That evening, everyone had their own luxury leather recliner and sat, in preposterous upholstery, surveying the television.

And then the dog walked in.

Where’s mine? he emanated.

Alas, poor doggie. I would rather enter the roasting portals of Hades than let the dog on these sofas.

The dog sulked. Palpably. And so Phil wheeled the final leather chair – one destined for upstairs – next to the super-sofas, and the dog jumped up happily.

And fell, instantly, asleep.

 

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38 thoughts on “The Gentleman’s Thoroughly Modern Fully Reclinable Day Bed

  1. We had a huge squidgy chair once that trebled in size when put by the window. It wasn’t even a dark colour.
    Your sofas sound wonderful. How will you ever go to work?

  2. You have to wallow in a sofa otherwise there’s simply no point at all and you may as well just have an upright dining room chair πŸ˜‰ Happy days and nights dear Kate x

    1. Thanks πŸ™‚ and how lovely to hear you! I find my visit back to yours in belated. Apologies. And you are right. If you’re going to sofa, it might as well be extreme sofa.

    1. No. The issue has been complicated this evening with the introduction of a wood burning stove. The dog is now torn between spending him-time close to the embers and curling up in his chair. How will the story end? We’re all on tenterhooks, and only the dog knows πŸ˜€

  3. We have a similar sofa – just the one, we’re not so decadent. We have had it for years now and I love it – you will never look back from your new life of sloth.

  4. Milton has a recliner, Kate. Three years ago he was so angry at Lea Michele performing the Barbra Streisand classic from Funny Girl, β€œDon’t Rain on My Parade” at the Tony awards on live broadcast TV, he cranked his “masonic lever” in the hope of rocket launching himself from his apartment to Radio City Music Hall to stop her. Unfortunately, he only succeeded in falling out of his chair with a loud thud.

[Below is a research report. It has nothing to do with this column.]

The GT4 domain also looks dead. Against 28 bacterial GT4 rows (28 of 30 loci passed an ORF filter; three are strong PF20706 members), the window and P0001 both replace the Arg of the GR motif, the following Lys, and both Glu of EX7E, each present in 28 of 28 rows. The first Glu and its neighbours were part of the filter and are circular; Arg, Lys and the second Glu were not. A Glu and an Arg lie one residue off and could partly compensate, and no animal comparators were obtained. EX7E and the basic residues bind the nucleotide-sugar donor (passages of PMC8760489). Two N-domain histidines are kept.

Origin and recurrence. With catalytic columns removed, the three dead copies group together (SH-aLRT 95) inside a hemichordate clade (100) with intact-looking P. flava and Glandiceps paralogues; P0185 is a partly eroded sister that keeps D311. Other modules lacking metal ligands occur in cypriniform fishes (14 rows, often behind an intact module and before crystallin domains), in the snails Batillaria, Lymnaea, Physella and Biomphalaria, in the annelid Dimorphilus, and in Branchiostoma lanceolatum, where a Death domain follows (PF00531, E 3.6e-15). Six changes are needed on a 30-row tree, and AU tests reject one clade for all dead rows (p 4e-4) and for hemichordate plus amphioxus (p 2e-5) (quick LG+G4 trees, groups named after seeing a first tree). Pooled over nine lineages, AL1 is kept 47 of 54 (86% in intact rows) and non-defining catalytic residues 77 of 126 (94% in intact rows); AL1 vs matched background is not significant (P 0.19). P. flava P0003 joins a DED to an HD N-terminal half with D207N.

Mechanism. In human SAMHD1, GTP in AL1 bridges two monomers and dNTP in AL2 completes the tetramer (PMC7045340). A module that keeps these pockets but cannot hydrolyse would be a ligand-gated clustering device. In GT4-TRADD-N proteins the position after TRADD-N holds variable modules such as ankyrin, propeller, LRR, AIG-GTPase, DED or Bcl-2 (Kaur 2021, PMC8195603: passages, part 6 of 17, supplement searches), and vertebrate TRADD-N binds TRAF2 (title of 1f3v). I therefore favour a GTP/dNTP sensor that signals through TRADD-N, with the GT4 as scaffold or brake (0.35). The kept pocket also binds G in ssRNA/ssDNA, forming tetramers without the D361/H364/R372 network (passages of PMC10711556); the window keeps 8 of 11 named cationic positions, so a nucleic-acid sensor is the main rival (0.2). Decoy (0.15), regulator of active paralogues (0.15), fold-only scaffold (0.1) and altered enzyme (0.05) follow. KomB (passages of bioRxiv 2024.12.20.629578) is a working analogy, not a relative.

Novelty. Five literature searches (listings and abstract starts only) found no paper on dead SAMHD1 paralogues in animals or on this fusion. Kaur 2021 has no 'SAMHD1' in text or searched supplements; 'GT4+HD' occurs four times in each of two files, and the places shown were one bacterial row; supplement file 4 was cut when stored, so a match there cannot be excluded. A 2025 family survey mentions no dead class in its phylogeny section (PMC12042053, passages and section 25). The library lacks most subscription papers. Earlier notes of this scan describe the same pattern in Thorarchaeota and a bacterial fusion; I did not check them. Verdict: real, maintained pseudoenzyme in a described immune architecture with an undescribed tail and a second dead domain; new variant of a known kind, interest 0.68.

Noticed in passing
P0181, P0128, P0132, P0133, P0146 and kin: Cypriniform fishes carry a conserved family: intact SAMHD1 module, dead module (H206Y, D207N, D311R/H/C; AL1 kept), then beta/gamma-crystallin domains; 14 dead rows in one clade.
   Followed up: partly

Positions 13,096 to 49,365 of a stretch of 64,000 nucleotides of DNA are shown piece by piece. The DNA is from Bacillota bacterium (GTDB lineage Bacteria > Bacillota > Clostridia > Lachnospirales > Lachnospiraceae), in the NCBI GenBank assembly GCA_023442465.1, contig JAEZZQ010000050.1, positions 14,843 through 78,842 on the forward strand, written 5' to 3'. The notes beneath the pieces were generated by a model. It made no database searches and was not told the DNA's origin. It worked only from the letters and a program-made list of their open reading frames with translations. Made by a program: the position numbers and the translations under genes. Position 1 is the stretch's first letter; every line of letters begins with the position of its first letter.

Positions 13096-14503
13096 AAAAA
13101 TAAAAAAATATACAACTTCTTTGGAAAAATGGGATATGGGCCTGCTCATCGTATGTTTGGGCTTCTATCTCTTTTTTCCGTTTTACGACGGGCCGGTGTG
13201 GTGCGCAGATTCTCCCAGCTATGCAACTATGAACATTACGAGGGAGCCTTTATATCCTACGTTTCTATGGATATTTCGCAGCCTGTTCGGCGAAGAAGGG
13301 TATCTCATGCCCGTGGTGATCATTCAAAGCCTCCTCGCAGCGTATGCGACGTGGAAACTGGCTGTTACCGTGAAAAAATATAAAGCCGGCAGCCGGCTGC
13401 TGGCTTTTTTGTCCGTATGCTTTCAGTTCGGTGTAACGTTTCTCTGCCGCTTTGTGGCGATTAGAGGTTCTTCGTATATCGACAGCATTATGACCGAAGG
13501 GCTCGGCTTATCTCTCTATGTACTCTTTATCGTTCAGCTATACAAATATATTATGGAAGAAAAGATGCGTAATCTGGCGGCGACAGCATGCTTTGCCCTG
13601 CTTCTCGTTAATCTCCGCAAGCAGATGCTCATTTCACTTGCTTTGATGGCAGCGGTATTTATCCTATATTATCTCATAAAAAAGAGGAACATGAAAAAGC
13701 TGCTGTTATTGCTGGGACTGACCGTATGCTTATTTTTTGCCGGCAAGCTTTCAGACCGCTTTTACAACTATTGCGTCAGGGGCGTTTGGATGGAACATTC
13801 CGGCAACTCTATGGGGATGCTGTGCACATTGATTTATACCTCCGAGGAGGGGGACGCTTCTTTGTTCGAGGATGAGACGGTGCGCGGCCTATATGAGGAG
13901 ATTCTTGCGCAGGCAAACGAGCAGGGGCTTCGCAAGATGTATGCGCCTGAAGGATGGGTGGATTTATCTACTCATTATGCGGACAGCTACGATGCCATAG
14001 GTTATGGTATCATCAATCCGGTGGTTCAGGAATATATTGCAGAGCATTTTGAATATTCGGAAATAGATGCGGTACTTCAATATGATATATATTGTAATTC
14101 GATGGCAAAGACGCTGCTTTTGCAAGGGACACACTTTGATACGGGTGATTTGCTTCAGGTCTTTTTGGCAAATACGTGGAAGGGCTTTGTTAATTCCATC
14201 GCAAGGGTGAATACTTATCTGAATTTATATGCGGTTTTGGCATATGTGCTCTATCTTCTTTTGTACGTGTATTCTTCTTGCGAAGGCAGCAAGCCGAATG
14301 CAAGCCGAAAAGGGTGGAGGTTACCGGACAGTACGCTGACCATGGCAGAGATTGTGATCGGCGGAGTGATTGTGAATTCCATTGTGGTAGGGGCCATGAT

Glad that Felix and Mac have found their cushiony bliss.

    1. I read this out loud to everyone, Virginia,and ever since Felix has been practising rocket launching. Milton is his new hero, especially now he knows where Radio City Hall is.

      1. Considering that Felix weighs about as much as Milton’s left flank, I expect we’ll be seeing your son bouncing off the pavement outside Radio City Music Hall any day now. We’ll send him back to you with a bag of Magnolia cupcakes via Milton’s Barcalounger.

  5. Recliners have always been verboten in my homes, because one was always attached to my father’s backside when I was growing up. Still, the way you describe these lovelies, I might make an exception for them.

  6. We have a little back “house”–a converted garage, really, in which for the past twenty or so years, there has been one of these recliner sofas. Ours is cloth and not nearly this beautiful, but in reasonably good shape. Several months ago we thought about getting rid of it simply because it is HUGE and takes up precious space. And it felt dated. Yet we talked ourselves out of it. It’s very comfortable! I have lounged there to watch many a movie with my feet kicked up and in great comfort. How considerate for Phil to think of each of you having your own spot. Comfort sometimes takes up a lot of space, but it can make a home more enjoyable. πŸ™‚

  7. Still deliberating over a Stressless 300 sofa. Almost a months wages on a 3 seater settee, is that decadent? Or should i “get over myself and head towards IKEA, for an affordable sub-standard alternative?”